While Richards scoffed at the idea that someone would have a sex-change simply to gain some advantage, it is possible that someone would, but so what? As a libertarian I believe in peoples right to do as they wish with their property, and the most valuable piece of physical property individuals can own is their own bodies. As a matter of enlightened self-interest, I would hope that anyone choosing to change ones physical identity to such a degree, would be doing so to be true to one’s self. However, that’s not up to me. There are other cases where people have “passed as” members of another race in order to gain an advantage. Examples include Carol Channing, and reputedly Dinah Shore. By “passing” they were able to perform in venues that were off limits to those who held onto the look that was then called “negro” or “colored.” While this is less ideal then people taking on a look that matches their sense of self, such pragmatic “passing” is still morally defensible. If it is to ones advantage to change one’s sex or race, then it seems to me the fault is in the society that makes these changes advantageous, not in the character of the person who is trying to better one’s self.
I don’t know Ms. Dolezal personally, but it is my distinct impression that she is transracial. That is to say, that she has chosen a racial identity that differs from the one that she was supposedly born with. If this is the case, then she can’t be said to have lied about her race. She simply changed her public identity to harmonize with her inner self. I have often been confused when looking at Federal forms that ask people to categorize themselves into narrow racial categories. This is probably more confusing to an educated person who knows that race is mythical then it is to a person who has been duped by racialist politicians. There it defines black as follows, “A person having origins in any of the black racial groups of Africa.” These forms also ask what one considers oneself, rather than what one is. By the aforementioned definition, any human could honestly answer “yes,” based on current paleontological and mitochondrial evidence, which shows modern humans to have a common ancestry in sub-Saharan Africa.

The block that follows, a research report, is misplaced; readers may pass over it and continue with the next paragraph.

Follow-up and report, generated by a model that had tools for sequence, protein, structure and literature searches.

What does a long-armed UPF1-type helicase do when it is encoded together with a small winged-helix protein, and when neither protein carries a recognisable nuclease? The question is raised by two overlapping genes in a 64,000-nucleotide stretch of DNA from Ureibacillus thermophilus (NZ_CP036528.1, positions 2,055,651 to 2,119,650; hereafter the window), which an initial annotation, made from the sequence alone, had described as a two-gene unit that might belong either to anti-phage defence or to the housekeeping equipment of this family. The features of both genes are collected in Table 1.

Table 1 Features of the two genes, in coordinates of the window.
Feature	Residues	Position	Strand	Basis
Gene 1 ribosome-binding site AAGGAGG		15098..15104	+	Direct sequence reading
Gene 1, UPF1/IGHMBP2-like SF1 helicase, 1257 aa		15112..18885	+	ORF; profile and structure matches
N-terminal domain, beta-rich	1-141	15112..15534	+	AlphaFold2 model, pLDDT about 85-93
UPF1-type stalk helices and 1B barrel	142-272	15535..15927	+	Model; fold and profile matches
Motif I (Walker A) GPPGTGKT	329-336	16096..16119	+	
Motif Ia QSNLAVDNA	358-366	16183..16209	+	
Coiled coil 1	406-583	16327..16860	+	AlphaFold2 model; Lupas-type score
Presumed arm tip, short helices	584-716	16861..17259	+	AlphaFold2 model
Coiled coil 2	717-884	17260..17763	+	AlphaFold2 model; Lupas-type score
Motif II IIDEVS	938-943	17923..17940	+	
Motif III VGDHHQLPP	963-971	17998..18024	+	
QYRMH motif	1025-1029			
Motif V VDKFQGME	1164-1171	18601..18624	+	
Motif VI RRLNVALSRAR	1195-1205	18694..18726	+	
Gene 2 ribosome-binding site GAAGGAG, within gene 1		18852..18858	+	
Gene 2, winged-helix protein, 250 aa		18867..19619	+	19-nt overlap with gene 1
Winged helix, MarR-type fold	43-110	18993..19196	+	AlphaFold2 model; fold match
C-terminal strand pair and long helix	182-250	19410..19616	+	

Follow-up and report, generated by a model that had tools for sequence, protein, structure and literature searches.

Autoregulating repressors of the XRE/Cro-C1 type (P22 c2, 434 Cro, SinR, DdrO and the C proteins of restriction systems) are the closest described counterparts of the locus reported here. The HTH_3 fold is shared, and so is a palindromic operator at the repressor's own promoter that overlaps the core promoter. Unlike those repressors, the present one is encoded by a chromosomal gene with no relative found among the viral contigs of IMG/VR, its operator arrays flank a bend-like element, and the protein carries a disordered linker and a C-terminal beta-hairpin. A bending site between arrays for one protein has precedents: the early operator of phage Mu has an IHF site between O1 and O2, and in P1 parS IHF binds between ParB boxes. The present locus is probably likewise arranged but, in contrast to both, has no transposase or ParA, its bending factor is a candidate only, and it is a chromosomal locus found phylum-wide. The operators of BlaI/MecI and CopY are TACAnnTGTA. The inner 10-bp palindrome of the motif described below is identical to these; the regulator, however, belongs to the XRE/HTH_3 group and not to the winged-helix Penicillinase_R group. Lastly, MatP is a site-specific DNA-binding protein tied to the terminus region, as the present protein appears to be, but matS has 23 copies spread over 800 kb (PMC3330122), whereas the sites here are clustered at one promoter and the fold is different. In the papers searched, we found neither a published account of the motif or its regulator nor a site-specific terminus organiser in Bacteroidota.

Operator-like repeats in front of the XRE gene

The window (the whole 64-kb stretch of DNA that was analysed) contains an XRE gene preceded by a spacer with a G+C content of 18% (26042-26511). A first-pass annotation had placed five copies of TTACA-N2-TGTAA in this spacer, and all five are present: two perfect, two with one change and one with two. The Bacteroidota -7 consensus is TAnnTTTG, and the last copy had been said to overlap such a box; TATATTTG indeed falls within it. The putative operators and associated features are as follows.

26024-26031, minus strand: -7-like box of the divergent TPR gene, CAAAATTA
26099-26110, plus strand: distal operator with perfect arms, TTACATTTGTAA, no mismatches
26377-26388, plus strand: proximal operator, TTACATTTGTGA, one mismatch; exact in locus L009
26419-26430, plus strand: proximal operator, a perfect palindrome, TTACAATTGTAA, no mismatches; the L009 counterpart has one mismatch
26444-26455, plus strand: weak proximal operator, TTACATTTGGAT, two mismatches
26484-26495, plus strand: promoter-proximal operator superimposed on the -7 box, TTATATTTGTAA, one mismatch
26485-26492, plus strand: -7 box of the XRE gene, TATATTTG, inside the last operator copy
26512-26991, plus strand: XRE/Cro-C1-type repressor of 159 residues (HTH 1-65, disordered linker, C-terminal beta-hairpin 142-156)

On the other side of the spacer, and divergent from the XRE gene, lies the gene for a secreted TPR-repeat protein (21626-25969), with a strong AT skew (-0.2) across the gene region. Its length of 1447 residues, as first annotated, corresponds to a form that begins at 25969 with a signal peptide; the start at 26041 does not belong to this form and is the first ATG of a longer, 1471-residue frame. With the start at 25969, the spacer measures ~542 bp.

Dolezal’s parents showed an attitude similar to the attitudes people used to have toward members of the LGBT community. They said, “We hope she gets the help she needs.” The implication was that she was sick, and needed professional “help.”
There is one thing I have put on the back burner: She lied about her father. Lying is wrong and I don’t wish to defend it, but it is understandable. In an age of discrimination against transracial people, as is evidenced by the harsh rhetoric she has faced, she may have felt compelled to lie about her past. I suspect many transsexuals may hesitate to tell people they used to be a different sex, often as a matter of self-preservation. Perhaps unintentionally, Ms. Dolezal has opened the way for another wave of diversity acceptance. People who have been labeled “Oreos,” “wanabees,” and “wiggers” for instance, may soon be recognized as transracial. At least, that is, until we move past this categorical mentality altogether, and see people as individuals, and not members of politically defined categories.